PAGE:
With a large research grant from the European Union, Aarhus University is now strengthening its research activities in cyber-physical systems. This project is producing a cyber-physical modelling technology that in the coming years is expected to have great significance for the way people can interact with the physical world around us and for industry’s innovation processes. The photo shows the international project consortium gathered at Aarhus University.
With a new EUR 8 million research project, Aarhus University will spearhead a project that aims to develop a new form of interaction between physical objects and their computer control using different software models. The technology will make it easier to develop credible cyber-physical systems (CPS) which will be important for industry’s ability to innovate in the future.
Among the growing number of physical objects that surround us, small computers control a considerable number of different functions. Development has exploded in recent decades and this has placed new demands on industry. The main challenges can be described with two central questions: What do you do when the many computers need to talk to each other? And how do you ensure that they adapt as well as possible to the context in which they will be used?
Fewer physical prototypes
In a major European research project called INTO-CPS, with a diverse consortium made up of 11 partners from industry and academia, researchers will spend the next three years creating new methods and tools that will make it both easier and cheaper to validate computer-based products. And there is an urgent need to get started, according to Professor Peter Gorm Larsen who is the coordinator of the project.
“We’re used to taking it for granted that things work. And if they don’t, we have to find out what’s wrong. But we now find ourselves in a reality with so many computer-based systems that it can be almost impossible to take in. Industry in particular is facing an acute challenge with more and more ‘cyber’ control of physical objects, and we therefore need to develop new tools that are capable of combining different models of both ‘cyber’ and ‘physical’ elements in a virtual world to design and validate new products in the innovation process long before investments in physical prototypes come into question,” he says.
Physical prototypes are often extremely expensive, and it is therefore hoped that the new tools can eventually reduce their numbers significantly.
100 computers in your car
TWT in Germany is one of the project’s case companies, and it helps car-manufacturers such as BMW and Audi with simulations and models of prototypes. Professor Larsen specifically mentions the car industry as an illustrative example of this technological development.
“If you’re driving a car built around the turn of the millennium, there probably aren’t many computers controlling its functions. If you buy a modern car, however, you can be pretty sure that it involves more than 100 different small computers that control everything from the keys and brakes to cruise control and automatic parking functionality. It is clear that this development provides the car industry with completely new challenges in both the development and the test stages,” says Professor Larsen.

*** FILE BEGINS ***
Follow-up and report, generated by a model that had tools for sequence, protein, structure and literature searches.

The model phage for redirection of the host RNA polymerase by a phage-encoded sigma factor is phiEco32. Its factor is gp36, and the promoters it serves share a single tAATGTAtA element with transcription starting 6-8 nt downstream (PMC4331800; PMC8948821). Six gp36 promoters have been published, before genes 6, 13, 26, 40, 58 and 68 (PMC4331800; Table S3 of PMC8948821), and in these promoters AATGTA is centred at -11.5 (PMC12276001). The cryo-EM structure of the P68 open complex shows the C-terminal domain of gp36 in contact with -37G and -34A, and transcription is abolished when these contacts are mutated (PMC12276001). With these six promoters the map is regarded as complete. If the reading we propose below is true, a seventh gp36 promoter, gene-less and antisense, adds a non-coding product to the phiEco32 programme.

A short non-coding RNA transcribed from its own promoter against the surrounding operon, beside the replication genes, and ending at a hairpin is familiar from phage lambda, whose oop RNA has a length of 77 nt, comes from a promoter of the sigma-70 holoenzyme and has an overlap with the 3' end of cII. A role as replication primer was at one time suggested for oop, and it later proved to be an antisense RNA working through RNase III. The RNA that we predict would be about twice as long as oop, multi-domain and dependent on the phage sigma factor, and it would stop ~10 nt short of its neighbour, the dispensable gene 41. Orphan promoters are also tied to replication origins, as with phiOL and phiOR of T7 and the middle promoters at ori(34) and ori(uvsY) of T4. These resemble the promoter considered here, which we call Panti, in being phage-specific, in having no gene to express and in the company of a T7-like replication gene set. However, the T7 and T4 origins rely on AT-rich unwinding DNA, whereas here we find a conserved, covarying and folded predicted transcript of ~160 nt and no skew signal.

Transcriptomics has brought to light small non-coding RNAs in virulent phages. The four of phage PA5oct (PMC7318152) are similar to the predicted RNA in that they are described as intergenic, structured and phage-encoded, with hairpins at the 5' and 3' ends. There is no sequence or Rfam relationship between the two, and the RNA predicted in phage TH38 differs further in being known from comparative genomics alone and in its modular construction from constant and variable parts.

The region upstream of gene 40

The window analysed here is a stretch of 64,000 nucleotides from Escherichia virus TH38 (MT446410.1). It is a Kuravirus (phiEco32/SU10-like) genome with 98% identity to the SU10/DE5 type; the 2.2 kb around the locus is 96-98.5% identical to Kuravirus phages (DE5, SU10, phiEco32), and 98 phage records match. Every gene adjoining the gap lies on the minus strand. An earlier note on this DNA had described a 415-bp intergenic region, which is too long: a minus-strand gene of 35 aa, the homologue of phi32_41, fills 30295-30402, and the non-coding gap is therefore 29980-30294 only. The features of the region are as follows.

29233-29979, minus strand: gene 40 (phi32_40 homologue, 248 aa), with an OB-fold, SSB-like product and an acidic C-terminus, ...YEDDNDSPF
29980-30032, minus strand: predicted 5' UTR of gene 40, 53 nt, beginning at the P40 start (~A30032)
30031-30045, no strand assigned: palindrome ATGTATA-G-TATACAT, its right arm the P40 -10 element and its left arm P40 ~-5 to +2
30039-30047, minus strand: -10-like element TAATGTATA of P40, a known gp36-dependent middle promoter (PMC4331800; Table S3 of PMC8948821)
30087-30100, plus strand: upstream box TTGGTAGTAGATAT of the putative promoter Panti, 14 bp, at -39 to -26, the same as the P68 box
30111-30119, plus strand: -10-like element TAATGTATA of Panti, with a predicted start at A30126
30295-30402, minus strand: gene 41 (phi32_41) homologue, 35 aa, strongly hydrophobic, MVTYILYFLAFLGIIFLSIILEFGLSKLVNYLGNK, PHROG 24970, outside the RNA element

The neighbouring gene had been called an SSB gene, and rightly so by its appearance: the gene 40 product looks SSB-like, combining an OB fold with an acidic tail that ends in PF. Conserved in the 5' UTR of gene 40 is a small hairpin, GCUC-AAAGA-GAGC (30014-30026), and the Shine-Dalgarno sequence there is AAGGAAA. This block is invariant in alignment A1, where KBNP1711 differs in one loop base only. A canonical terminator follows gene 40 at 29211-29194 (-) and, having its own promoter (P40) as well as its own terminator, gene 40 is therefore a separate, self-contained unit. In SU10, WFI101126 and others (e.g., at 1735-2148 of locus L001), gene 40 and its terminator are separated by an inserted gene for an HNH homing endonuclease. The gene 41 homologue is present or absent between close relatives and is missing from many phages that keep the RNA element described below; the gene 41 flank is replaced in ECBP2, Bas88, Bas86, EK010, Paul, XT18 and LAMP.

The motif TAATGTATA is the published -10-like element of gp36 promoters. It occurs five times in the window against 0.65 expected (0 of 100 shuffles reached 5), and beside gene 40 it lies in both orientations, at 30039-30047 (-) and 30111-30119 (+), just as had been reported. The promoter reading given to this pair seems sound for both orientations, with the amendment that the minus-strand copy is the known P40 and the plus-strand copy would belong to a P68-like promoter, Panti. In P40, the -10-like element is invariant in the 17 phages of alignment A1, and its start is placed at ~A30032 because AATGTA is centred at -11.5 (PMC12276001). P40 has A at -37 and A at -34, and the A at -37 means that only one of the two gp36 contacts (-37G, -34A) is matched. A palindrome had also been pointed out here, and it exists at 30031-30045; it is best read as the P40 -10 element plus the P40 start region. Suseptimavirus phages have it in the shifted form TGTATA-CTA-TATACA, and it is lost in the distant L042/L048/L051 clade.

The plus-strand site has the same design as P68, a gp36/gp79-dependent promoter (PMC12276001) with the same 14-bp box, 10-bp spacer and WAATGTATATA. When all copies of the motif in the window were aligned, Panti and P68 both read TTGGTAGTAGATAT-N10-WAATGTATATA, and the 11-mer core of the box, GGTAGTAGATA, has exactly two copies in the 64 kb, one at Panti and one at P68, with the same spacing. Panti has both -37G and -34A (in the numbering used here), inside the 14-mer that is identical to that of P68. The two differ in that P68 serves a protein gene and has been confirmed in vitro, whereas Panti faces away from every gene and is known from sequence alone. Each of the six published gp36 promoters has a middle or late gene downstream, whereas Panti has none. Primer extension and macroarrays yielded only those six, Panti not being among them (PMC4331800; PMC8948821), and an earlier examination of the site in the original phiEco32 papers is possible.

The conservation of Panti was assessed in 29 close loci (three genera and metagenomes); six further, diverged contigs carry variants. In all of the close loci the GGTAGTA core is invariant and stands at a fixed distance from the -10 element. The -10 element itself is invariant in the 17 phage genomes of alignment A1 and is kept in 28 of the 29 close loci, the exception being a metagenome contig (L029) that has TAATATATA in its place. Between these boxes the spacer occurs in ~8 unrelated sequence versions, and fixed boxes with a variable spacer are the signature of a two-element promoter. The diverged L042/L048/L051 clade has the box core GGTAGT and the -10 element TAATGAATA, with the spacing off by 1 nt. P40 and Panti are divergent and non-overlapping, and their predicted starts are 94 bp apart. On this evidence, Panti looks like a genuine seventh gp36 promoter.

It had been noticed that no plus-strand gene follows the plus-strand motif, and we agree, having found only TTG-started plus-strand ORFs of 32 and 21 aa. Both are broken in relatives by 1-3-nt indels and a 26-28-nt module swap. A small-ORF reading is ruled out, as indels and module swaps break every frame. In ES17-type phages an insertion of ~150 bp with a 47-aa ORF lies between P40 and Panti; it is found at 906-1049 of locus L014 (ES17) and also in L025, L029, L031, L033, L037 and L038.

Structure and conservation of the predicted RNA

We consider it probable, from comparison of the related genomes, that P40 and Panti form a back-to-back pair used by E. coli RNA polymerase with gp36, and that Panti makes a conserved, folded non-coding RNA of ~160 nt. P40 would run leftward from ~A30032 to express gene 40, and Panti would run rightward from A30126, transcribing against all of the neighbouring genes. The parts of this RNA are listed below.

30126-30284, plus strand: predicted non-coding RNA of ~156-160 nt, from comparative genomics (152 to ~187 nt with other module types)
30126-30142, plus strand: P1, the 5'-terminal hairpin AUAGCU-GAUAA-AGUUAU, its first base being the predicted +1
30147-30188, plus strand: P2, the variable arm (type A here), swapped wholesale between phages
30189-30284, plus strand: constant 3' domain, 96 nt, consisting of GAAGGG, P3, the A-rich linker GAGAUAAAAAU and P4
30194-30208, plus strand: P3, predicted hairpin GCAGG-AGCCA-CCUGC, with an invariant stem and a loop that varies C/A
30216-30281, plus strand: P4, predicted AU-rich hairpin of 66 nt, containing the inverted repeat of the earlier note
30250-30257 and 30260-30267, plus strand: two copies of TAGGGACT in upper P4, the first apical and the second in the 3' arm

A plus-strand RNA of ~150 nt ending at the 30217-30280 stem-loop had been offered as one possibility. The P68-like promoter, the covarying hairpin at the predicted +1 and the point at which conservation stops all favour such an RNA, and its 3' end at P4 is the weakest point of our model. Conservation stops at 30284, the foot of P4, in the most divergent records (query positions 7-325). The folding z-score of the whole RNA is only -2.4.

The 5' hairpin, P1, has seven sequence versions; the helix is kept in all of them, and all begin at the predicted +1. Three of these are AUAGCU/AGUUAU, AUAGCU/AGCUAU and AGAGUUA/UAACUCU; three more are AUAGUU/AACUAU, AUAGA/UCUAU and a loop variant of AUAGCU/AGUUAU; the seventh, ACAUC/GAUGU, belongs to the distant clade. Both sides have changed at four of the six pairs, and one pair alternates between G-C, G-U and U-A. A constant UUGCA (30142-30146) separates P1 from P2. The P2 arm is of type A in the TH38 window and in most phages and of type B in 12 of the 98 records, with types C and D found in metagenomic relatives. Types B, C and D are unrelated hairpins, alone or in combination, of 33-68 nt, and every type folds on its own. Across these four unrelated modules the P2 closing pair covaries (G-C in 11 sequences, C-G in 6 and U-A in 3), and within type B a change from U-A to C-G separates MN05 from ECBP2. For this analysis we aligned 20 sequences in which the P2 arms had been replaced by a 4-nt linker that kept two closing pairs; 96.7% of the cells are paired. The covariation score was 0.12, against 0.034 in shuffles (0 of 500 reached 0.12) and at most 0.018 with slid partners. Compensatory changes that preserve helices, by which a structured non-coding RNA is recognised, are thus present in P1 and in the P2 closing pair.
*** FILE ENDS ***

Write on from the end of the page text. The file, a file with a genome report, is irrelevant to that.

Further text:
Quite specifically, the researchers will design a new development and test platform for the project’s four European case companies. In addition to TWT, these include a manufacturer of train doors, a manufacturer of air conditioning systems and a manufacturer of agricultural machinery. Common to all the companies are products that have close integration between their ‘cyber’ and ‘physical’ parts, with development activities that are extremely expensive – particularly due to prototype development and tests.
Faith in computer-controlled products
The test platform will be based on technology that makes it possible to produce different models that can be simulated together and providing virtual 3D model videos of both specific prototypes and their application contexts.
In the example of the car, this could be a virtual prototype of a vehicle linked to a physical prototype of a new type of wheel. In this way, the researchers hope to gain more knowledge of the interaction between a product’s physical parts, its computer systems and its surroundings.
“A new technological approach is required if we’re to have complete faith in our computer-controlled products. For example, how do the many computers in the car react to the new wheels? What does it mean for their ability to communicate with each other? How do the wheels work if you’re driving at 200 kilometres per hour and suddenly brake? And what if the road is dusty or wet? There are so many different possible failure scenarios and situations that we need to have better tools for developing, testing and carrying out quality assurance,” says Professor Larsen.
The researchers aim is to use the tools to try out many scenarios and describe and clarify how different types of products behave in different surroundings and usage situations in a virtual world.
This is the first step on the way towards a more systematic method for prototype development and failure prevention, which could be extremely valuable in a considerable number of industrial contexts.